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Student Spotlight: Elisa’s journey from dressage to Oxford

When it comes to students at EF Academy, their interests and passions are as diverse as the nationalities they represent. In our Student Spotlight series, we shine a light on some of our talented high schoolers and their achievements.

EF Academy Oxford student Elisa’s passion for dressage has been a constant for much of her life and taught her many lessons both on and off her horse, Weihestolz. We caught up with her after a recent competition at the Prix St. Georges level to hear more about how she balances her co-curricular passion with her school life.

Tell us a little bit about yourself!

Hey! My name is Elisa and I am currently an IB Diploma Year 1 student at EF Academy Oxford. When I am not attending school I am usually in my home country, Germany. Regarding school, I can say that I am definitely enjoying every subject, as our teachers are truly always trying to make the most out of it. But if I had to decide on one subject, I would probably choose Chemistry or German. My free-time is filled with horse riding when I am at home and I enjoy doing different sports when I am at school and take part in the Model United Nations Club.

When did you start riding horses? How did you get into dressage?

The first time I sat on a horse was about 10 years ago and the first time I competed was exactly 7 years ago. Since then I exclusively compete in dressage tests, which was influenced by my first coach, who grew my interest in this quite complex discipline and discovered what I can now call my passion. Even though I enjoy jumping, my mum is truly afraid when it comes to high fences/obstacles, so when they bought my first horse they bought one that really didn’t like to jump!

How do you balance your school life with training for competitions? Has EF Academy helped you in any way?

When I applied to EF Academy I was honestly surprised by how I was supported. The school offered to bring my horse with me to Oxford and adjust everything regarding training, transport, etc. As thankful as I was for this, I wanted to focus on my academic studies and therefore decided that I would leave my horse in Germany, but I would be allowed to travel back home on the weekends for important competitions. In the meantime, my coaches continue to train my horse. It’s my responsibility to keep up my own fitness so both me and my horse are in good shape when it’s competition time. I am grateful for the support EF Academy offers me and my passion, and am happy that I can still participate in my sport.

Tell us about your latest competition, on the Prix St. Georges level. How did it go?

I have to say I am quite overwhelmed. Firstly, it was great luck that it was even possible to have competitions during this hard time the world is going through right now with the coronavirus. I did not expect too much regarding our results, since I had only two weeks of training beforehand. My coaches and I decided that I would compete in two tests. The first one was a dressage test on a medium level, where my horse Weihestolz and I were able to secure second place. As we normally compete on the next higher level this test was mainly for me to ‘warm-up’ because I haven’t been to a competition since August, when I arrived in beautiful Oxford.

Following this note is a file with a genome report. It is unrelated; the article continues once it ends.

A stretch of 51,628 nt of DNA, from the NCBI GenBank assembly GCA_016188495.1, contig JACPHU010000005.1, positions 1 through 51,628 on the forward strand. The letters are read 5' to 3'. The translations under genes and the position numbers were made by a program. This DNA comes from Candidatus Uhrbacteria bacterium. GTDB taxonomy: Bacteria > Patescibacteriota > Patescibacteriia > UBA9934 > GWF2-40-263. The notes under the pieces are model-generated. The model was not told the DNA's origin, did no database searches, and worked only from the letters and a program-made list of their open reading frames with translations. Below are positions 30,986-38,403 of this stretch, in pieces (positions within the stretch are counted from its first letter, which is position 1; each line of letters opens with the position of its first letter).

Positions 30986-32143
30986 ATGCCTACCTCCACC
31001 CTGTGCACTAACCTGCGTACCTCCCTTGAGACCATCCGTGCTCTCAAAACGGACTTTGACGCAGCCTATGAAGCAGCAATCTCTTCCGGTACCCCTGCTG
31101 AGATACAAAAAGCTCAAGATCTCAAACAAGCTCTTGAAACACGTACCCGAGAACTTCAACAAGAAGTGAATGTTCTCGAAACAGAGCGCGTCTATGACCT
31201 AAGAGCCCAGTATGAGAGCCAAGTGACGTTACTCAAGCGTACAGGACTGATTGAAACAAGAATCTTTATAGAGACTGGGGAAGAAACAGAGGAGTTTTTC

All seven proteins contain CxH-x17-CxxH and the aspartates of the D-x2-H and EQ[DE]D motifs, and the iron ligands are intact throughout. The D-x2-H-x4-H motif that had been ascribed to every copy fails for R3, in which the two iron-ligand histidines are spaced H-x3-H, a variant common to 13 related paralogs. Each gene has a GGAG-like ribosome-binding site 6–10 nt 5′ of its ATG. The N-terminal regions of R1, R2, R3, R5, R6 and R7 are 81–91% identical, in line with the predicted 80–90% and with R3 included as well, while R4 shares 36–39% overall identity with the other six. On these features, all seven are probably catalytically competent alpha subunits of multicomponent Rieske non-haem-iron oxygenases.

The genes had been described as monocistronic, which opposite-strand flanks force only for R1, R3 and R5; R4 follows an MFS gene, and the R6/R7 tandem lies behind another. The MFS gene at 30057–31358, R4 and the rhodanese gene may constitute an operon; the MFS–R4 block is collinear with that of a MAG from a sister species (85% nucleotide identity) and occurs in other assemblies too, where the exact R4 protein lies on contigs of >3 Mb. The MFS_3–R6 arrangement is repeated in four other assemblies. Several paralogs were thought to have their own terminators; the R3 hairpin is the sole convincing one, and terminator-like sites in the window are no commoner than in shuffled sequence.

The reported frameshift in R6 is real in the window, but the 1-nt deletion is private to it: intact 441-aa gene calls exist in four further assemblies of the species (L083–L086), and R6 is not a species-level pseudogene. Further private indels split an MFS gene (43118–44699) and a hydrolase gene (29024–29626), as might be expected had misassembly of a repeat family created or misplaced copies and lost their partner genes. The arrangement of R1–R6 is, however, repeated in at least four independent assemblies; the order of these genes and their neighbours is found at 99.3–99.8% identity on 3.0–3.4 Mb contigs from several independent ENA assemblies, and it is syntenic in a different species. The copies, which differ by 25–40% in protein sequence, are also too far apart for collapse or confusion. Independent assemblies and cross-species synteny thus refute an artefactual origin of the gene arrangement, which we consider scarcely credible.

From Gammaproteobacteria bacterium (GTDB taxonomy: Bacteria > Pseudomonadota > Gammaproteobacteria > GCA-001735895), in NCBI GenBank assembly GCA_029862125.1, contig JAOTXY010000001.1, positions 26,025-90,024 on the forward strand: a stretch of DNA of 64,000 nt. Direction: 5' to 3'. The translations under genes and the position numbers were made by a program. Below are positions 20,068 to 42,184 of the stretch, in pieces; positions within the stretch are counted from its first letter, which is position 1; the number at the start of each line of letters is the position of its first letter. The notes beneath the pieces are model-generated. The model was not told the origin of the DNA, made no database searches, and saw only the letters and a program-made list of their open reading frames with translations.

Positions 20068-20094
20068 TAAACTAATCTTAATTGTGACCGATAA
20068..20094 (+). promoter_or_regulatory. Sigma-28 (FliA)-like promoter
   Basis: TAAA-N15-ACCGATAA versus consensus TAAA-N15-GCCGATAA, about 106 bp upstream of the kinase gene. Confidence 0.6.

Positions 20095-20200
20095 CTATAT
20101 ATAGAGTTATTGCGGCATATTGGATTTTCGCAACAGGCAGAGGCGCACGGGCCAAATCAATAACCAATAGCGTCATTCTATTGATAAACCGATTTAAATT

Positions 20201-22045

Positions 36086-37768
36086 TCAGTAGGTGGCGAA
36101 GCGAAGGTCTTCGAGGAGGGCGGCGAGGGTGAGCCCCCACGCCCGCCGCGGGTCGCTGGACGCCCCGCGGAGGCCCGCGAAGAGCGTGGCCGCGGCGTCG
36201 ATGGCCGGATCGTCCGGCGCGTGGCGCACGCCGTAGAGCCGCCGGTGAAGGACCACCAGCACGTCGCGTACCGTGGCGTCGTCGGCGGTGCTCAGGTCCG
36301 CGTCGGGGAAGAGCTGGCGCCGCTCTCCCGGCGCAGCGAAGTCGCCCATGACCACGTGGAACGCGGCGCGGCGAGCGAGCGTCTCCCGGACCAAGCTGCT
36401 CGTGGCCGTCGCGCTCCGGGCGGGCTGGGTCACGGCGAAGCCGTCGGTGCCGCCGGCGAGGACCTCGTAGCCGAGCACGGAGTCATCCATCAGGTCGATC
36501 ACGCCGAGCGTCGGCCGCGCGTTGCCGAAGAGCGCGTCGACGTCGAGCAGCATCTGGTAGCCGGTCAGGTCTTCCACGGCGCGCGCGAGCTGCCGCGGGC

The second day was the harder test, the S* dressage test on St. Georges level. As I was exceptionally satisfied with the second place we secured in the first test, I was more relaxed entering the dressage arena the second time and improved some things compared to the first test, which helped me gain more points and reach a score of 70,556%. I was unbelievably thankful for the engagement of my coaches and especially my mare, Weihestolz, without whom this would not have been possible; I was of course even more cheerful because this result meant victory.

Have you learned any lessons from dressage that have helped you in other aspects of your life?

The most important trait I probably gained through doing dressage as a competitive sport is discipline and perseverance, as well as how to deal with mistakes, which helps me tremendously when it comes to studying in school. Dressage is a sport which requires a lot of empathy, as my direct partner is an animal which also has its needs and wants. Also extremely important is the ability to work in a team, since I always have a team around me and my horse (my parents, coaches, grooms, etc.) who all are working together to provide the best possible base with which to succeed in competitions. This ability to work in a team, which I learned through my experience in this sport, definitely helps me with friendships in general very much. Personally, I can say that the sport undoubtedly helped me build a healthy confidence in myself and the actions I take, as I was a very shy person for a long time.

Where do you plan to take your passion after you graduate?

Regarding my plans after graduation, I am surely considering studying at a university in a foreign country, but have not decided on a particular one yet. I am certain that I would like to continue doing dressage as a competitive sport no matter where I end up studying at university. I plan on taking one of my horses with me, since I realized that it is not possible for me to live without those faithful and patient companions by my side.

Do you have any advice for students about balancing their schoolwork with their passion?

Being organized has always been the most important thing for me, otherwise I would not be able to balance schoolwork with dressage. But it is also extremely important to take a short break from both from time to time and spend some time with your friends.


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